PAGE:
Company Stops Testing of Ebola Drug in Sierra Leone
A Canadian company testing an experimental drug against Ebola has closed down the trial and concluded they cannot say whether the drug helped anyone.
Tekmira Pharmaceuticals Corporation had been testing the drug in patients in Sierra Leone, but said it was clear the drug wasn't showing any benefit to patients. The testing was scheduled to end anyway.
"The Phase II clinical trial of TKM-Ebola-Guinea has reached a predefined statistical endpoint and enrollment has been closed," the company said in a statement.
Thomas Geisbert, an expert in infectious diseases at the University of Texas Medical Branch, who has himself tested the drug on monkeys, says this doesn't mean the drug cannot work. Instead, Geisbert told NBC News, it demonstrates just how difficult it is to test drugs on real patients during epidemics.
For one thing, he says, the drug tested in Sierra Leone is not the same version that had completely protected monkeys from a lethal dose of virus.
"It's not the best product that they have. It's not the best formulation," Geisbert said. "This is not what we tested in monkeys."
Ebola has infected more than 27,000 people in an ongoing epidemic in West Africa and it's killed more than 11,000 of them. There's no approved treatment, other than keeping patients hydrated, breathing and comfortable, and it has a death rate of 50 percent or more.
When the West African epidemic got bad, companies and governments rushed various experimental treatments and vaccines into the filed, from simple blood transfusions from survivors to patients, to more sophisticated plasma transfusions, to drugs such as Tekmira's, another treatment called ZMapp, and existing antiviral pills.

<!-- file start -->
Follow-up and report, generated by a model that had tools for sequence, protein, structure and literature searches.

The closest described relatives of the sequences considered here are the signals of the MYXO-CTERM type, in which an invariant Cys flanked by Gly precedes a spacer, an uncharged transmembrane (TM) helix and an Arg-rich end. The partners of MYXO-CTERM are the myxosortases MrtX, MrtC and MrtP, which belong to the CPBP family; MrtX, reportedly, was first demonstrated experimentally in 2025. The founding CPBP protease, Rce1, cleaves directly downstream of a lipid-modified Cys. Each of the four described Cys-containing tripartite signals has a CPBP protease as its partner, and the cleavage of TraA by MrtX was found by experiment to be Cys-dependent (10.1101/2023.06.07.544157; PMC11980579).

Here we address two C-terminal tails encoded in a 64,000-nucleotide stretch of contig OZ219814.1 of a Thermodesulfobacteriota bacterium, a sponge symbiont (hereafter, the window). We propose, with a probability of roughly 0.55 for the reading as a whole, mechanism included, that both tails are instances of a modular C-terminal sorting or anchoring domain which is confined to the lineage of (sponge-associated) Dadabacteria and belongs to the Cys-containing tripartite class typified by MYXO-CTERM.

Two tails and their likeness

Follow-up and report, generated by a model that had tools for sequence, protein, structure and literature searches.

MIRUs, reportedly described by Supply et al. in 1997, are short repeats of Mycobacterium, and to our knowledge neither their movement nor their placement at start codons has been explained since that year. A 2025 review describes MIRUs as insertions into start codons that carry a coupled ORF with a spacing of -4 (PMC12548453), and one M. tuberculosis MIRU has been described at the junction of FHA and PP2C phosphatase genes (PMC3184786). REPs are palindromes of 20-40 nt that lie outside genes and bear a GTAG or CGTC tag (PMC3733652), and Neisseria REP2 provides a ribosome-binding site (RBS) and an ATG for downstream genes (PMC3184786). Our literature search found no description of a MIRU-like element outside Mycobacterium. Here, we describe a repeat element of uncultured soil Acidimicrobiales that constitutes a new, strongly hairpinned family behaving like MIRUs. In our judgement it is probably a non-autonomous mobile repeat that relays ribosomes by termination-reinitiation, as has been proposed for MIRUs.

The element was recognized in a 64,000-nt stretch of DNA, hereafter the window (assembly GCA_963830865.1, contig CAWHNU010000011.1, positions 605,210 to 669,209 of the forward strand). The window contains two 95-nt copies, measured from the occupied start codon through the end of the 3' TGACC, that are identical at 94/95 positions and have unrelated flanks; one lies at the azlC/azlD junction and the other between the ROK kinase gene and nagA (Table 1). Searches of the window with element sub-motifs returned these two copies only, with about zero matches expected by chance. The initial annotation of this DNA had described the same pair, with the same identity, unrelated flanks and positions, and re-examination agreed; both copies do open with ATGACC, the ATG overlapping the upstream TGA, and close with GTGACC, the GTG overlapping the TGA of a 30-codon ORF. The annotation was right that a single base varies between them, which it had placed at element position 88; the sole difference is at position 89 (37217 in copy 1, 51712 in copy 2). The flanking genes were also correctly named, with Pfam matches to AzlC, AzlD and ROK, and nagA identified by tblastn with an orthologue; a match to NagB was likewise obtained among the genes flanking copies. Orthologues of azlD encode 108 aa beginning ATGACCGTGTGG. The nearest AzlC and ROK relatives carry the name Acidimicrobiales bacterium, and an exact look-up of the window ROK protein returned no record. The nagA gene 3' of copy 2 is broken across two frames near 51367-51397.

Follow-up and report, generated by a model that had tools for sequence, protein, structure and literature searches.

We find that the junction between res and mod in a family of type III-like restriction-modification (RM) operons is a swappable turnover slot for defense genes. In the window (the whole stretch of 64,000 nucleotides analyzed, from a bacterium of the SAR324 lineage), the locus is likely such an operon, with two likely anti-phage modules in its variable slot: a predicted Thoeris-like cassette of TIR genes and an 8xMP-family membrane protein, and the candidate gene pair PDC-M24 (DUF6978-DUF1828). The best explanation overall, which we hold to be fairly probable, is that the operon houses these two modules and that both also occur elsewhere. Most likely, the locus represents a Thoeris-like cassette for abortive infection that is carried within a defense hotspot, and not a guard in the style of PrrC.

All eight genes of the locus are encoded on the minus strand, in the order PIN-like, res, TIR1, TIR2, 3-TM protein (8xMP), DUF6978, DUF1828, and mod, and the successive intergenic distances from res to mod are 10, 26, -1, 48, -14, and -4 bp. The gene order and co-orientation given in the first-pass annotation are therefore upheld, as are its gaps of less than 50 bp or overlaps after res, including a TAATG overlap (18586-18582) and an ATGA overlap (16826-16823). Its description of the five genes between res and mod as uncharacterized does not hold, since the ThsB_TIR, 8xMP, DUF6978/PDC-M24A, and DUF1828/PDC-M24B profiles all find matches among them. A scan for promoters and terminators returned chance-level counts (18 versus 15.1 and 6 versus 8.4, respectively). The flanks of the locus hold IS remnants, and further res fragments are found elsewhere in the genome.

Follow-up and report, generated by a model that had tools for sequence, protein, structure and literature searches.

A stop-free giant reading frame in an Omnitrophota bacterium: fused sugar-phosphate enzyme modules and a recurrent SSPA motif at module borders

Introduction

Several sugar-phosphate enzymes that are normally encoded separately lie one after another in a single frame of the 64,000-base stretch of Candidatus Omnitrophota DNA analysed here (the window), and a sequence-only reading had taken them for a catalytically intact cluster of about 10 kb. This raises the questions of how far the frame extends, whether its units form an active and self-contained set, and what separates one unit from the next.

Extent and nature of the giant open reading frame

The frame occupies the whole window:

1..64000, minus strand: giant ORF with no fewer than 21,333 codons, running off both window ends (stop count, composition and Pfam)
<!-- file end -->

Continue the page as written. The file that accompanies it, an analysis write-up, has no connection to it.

No one could say which treatment worked because none of the therapies were given in a controlled clinical trial — one set up to show whether patients did better with the treatment than without it.
The epidemic has dropped off. That makes it harder to enroll enough people to test a drug.
The company says it will release full details later.
Geisbert said the company would have been hard-pressed to show that the drug was helping patients in Liberia. "Do you give this product because it's better than nothing or do you take the safe approach and say sorry, we don't want to play?" he asked.
"We all want to do the right thing. Everybody wants to save lives."
The drug uses bits of genetic material called small interfering RNAs, or siRNAs for short..
Viruses kill cells by invading them and taking over their machinery to force them to pump out copy after copy of virus. This drug doesn't prevent infection, but stops the virus from replicating by attaching to its RNA.
Geisbert says it should be a successful approach. He's afraid other companies testing drugs against Ebola will be scared away from moving forward.